Fairfield University campus safety is in “very good shape” in terms of its crime statistics, according to the Department of Public Safety.

Fairfield recently released its crime statistics, in accordance with the Jeanne Clery Disclosure of Campus Security Policy and Campus Crime Statistics Act, which mandates that college security submit annual reports before Oct. 1.

In regards to the numbers for Jan. 1  through Dec. 31 of 2012, “we see a lot of consistency over the board,” John Ritchie, assistant director of DPS, said.

He added, “There’s been no drastic changes for this year or in the last three years.”

Larceny and theft incidents showed a gradual decrease since 2009, diminishing from 80 to 49 in 2012, the lowest number in the past three years.

Disciplinary referrals for liquor law violations were 1,072, which is 81 less than referrals for 2011.

That is not to say that statistics did show slight increases in other areas.

In this year’s report, referrals for drug abuse violations totaled 69, as opposed to last year’s 38. Arrests for drug abuse violations came to 32, eight more than the 2011 statistics. Such drugs include cocaine, heroin, marijuana and barbiturates.

Ritchie said of these statistics, “That doesn’t faze us too much.”

Drug abuse violations come in waves, he said, citing that in 2010, statistics showed 92 disciplinary referrals, but then in 2011, 38 violations.

Freshman Teon Smith said he was initially “shocked” at the number of arrests and referrals for drug abuse. He believes that whatever was done in 2011 to prevent such related statistics should be instigated again. Lowering the number “could be done.”

In addition to an increase of drug abuse on campus, forcible sexual offenses incidents totaled to four – three occurring in student residences and one in an off-campus facility. In the 2011 calendar year, public safety reported zero incidents in this category. Such offenses include rape, sodomy and fondling.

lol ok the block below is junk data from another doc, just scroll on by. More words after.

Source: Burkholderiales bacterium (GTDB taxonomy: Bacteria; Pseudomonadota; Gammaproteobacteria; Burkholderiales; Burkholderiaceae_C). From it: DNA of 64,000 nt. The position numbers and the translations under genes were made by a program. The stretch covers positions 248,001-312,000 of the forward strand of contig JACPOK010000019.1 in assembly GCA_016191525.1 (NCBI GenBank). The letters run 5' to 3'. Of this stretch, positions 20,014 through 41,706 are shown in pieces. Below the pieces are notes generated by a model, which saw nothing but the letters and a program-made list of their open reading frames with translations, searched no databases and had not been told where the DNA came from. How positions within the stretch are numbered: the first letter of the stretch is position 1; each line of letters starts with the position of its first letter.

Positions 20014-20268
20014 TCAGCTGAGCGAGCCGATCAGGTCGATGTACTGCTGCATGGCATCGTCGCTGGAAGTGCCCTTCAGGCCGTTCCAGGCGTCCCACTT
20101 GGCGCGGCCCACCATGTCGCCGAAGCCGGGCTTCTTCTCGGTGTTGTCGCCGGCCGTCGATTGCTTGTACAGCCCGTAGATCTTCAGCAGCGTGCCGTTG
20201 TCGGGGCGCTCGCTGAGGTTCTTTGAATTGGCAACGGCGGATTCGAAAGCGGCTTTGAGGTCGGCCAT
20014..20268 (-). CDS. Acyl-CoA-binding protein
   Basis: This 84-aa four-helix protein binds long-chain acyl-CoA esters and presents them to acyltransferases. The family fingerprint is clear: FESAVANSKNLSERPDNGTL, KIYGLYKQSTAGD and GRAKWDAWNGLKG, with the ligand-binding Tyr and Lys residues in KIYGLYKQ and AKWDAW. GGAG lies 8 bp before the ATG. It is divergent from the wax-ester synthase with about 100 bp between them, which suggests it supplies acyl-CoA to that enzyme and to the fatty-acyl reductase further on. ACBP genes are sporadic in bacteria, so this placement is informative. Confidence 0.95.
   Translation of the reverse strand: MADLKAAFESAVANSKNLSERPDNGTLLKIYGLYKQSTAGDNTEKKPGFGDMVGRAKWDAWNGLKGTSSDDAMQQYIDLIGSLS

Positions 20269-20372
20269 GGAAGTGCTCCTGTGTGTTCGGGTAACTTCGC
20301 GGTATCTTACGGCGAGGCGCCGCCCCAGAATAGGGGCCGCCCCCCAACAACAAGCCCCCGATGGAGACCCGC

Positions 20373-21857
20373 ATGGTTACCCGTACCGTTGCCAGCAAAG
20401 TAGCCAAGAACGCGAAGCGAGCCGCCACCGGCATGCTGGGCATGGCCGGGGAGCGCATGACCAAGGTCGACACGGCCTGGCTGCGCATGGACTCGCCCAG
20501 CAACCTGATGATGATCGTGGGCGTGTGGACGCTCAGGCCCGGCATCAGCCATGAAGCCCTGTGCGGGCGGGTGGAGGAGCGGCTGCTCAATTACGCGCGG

Sexual offenses are the most under-reported crimes, said Ritchie, and in this case people choose to utilize the confidential reporting offered by DPS.

Burglary crimes, different from larceny (when the item is stolen directly from them), has increased. Last year, a slew of burglaries in the townhouses occurred. In addition, hate crimes based off race also saw two incidents in the last year.

“It’s not like I’m expecting that the campus [crime statistics] would be pitch perfect,” Christopher Gutierrez ‘17. He added that it’s “natural,” or reflective of human fallacy, that crimes would be committed.

Looking at other categories with zero or a small number of incidents in the past years, Gutierrez said that “it comes to show that our campus is fairly safe.”

Ritchie said: “Fairfield is very fortunate to be located where we’re at. We’re fortunate to have formal perimeter – or borders around campus – which prevents a lot of outsiders from freely walking on the campus.”

But, “Unfortunately, because everyone has an open attitude towards safety [on campus], we’re going to still see some of these statistics,” he said.

Smith also said that the crime statistics on Fairfield campus “would be different for other campuses.”

The guidelines for campus security reporting underwent a wave of changes when 19-year-old Jeanne Clery was found dead in her third-floor dorm at Lehigh University. An autopsy showed that she had been raped and then strangled with a metal coil by a fellow student. Her parents sued the school and launched a nationwide cause for better reporting for all college campuses and in 1990, the Clery Act, formerly the Crime Awareness and Campus Security Act, was signed.

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